The Medical College of Wisconsin and Children’s Hospital of Wisconsin Research Institute received a one-year award for more than $375,000 from the National Institutes of Health’s National Institute of Allergy and Infectious Diseases. The award will fund an investigation of the factors involved in regulating the production of autoantibodies, which are antibodies that target an individual’s own tissues. These autoantibodies are linked to autoimmune disorders like lupus and rheumatoid arthritis.
Stephen Gauld, Ph.D., assistant professor of pediatrics in allergy and immunology, and microbiology and molecular genetics, and a researcher at the Research Institute, is the principal investigator for the grant.
The National Institutes of Health estimated in 2005 that between 15 and 24 million Americans suffer from one of the more than 80 diseases in the autoimmune disorder family. Many of these chronic diseases have no cure and disproportionally impact women. Patients are often debilitated by their symptoms and the high costs of a lifetime of treatment.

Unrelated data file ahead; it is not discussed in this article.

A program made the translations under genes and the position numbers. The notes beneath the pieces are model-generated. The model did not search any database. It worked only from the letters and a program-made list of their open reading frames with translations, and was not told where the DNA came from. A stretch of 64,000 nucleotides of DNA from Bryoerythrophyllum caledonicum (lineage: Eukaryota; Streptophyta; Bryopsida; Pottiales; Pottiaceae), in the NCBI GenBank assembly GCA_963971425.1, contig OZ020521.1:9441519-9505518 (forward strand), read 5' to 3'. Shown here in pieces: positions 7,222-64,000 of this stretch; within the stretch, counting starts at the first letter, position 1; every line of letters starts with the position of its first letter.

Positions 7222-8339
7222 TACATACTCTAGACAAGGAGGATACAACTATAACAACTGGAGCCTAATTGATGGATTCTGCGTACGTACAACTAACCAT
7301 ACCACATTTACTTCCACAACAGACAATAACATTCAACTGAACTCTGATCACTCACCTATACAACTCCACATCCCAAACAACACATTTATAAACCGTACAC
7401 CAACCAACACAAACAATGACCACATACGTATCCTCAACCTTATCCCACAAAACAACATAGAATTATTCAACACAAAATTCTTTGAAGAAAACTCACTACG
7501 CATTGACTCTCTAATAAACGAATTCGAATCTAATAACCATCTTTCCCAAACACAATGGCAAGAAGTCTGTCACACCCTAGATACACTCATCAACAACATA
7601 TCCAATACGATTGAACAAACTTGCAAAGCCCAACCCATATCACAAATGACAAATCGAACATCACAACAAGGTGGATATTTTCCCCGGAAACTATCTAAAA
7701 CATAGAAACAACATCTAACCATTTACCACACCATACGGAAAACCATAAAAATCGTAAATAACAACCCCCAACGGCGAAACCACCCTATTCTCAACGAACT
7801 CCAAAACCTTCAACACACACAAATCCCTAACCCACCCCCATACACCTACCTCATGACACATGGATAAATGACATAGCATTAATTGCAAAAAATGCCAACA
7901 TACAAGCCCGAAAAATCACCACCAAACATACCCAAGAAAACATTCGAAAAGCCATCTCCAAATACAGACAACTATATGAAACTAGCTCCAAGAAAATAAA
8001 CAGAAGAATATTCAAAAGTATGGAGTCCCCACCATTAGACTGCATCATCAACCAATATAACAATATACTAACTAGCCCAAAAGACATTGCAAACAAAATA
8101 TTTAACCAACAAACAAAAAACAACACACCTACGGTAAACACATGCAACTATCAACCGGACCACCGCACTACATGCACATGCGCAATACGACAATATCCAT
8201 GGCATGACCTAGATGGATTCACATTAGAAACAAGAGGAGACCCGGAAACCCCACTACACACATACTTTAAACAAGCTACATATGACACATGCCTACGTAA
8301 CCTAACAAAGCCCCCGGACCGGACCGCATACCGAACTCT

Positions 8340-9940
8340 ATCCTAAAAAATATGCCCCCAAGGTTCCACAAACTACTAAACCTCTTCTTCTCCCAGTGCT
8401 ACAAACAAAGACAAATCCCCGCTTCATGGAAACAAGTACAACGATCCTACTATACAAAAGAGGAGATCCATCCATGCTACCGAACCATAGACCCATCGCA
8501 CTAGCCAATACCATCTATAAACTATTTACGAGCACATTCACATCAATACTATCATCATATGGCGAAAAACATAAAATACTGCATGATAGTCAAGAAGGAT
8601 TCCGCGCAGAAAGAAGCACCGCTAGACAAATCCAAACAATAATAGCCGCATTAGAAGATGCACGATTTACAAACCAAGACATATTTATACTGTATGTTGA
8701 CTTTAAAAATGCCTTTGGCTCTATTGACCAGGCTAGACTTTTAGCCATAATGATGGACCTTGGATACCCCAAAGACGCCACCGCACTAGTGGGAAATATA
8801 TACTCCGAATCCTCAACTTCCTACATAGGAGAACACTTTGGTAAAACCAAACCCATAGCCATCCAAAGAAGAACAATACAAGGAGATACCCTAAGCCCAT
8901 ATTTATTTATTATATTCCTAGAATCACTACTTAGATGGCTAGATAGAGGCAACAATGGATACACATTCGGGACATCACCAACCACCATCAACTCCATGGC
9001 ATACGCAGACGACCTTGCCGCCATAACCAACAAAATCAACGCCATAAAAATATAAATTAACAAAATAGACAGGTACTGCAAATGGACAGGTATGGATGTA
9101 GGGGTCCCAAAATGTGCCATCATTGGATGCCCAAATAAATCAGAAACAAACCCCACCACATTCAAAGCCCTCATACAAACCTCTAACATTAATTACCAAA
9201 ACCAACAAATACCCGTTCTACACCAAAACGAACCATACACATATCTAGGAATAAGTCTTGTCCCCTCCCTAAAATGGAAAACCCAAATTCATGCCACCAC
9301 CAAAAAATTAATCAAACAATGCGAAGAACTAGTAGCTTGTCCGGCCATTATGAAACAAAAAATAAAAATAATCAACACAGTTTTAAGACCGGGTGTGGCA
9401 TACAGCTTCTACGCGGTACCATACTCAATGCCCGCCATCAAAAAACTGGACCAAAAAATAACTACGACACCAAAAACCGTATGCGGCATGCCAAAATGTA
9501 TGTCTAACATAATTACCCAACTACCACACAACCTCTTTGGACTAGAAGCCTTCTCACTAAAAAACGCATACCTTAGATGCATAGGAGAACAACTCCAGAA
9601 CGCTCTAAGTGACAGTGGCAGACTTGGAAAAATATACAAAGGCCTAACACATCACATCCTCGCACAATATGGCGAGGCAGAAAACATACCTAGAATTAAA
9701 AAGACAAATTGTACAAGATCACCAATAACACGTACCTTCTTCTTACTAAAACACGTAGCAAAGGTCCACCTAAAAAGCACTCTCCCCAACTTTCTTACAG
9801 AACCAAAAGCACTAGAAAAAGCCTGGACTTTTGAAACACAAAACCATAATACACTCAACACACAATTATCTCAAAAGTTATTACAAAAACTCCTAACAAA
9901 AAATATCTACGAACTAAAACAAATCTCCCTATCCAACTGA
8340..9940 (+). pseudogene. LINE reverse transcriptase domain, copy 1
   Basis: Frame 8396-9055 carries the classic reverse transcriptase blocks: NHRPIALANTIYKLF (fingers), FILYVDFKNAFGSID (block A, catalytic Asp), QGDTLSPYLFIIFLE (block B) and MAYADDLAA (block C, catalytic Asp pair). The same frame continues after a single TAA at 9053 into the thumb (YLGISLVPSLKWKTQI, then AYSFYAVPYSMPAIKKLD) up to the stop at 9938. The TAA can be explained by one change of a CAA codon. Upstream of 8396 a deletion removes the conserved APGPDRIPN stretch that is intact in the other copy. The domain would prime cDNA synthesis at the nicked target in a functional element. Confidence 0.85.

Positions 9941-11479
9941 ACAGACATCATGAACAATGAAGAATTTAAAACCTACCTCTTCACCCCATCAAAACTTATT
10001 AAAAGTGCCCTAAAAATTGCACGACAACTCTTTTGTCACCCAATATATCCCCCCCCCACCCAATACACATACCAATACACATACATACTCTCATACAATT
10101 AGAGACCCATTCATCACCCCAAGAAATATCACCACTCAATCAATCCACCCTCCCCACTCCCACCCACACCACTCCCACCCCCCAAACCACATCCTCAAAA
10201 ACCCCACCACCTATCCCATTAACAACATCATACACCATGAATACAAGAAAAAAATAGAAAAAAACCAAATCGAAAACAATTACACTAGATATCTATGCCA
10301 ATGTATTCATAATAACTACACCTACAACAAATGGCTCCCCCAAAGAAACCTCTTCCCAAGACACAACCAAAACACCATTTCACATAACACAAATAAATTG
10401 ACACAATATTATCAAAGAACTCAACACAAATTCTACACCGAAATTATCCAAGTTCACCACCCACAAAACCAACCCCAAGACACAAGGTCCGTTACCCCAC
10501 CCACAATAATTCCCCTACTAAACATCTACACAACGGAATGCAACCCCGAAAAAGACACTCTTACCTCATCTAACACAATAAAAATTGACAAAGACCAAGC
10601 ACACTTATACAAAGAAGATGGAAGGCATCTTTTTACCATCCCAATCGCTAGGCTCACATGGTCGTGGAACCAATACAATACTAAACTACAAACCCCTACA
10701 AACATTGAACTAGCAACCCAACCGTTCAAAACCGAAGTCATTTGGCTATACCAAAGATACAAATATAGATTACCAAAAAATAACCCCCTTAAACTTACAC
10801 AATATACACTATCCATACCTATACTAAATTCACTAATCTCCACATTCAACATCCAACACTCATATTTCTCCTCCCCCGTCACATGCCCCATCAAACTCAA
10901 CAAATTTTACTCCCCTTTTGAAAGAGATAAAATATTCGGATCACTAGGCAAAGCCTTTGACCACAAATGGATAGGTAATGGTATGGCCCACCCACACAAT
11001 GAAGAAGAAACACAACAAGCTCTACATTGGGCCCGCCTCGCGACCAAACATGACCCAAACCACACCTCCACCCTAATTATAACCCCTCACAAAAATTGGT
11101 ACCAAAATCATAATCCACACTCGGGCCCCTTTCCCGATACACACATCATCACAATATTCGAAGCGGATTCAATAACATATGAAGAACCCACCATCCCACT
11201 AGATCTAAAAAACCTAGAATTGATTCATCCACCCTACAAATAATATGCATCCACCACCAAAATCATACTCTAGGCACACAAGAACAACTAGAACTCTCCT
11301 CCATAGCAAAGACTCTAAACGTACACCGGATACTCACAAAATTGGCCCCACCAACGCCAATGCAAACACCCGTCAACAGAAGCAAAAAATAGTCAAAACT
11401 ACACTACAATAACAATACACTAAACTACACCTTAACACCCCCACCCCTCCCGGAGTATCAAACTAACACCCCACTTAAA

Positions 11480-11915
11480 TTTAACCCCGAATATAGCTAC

This project seeks to understand the factors that influence the production of autoantibodies that attack a patient’s own tissues in cases of autoimmune disease. Prior research in Dr. Gauld’s lab has shown that a cell in the immune system, the regulatory T cell, suppresses the production of autoantibodies by other immune cells called B cells. Dr. Gauld will study this reaction to understand how it works and how it can be manipulated to reduce tissue damage and promote patient health.
The results of this study will advance understanding of autoantibody production and help researchers discover novel treatments to slow down or prevent the generation of antibodies that attack the body’s tissues.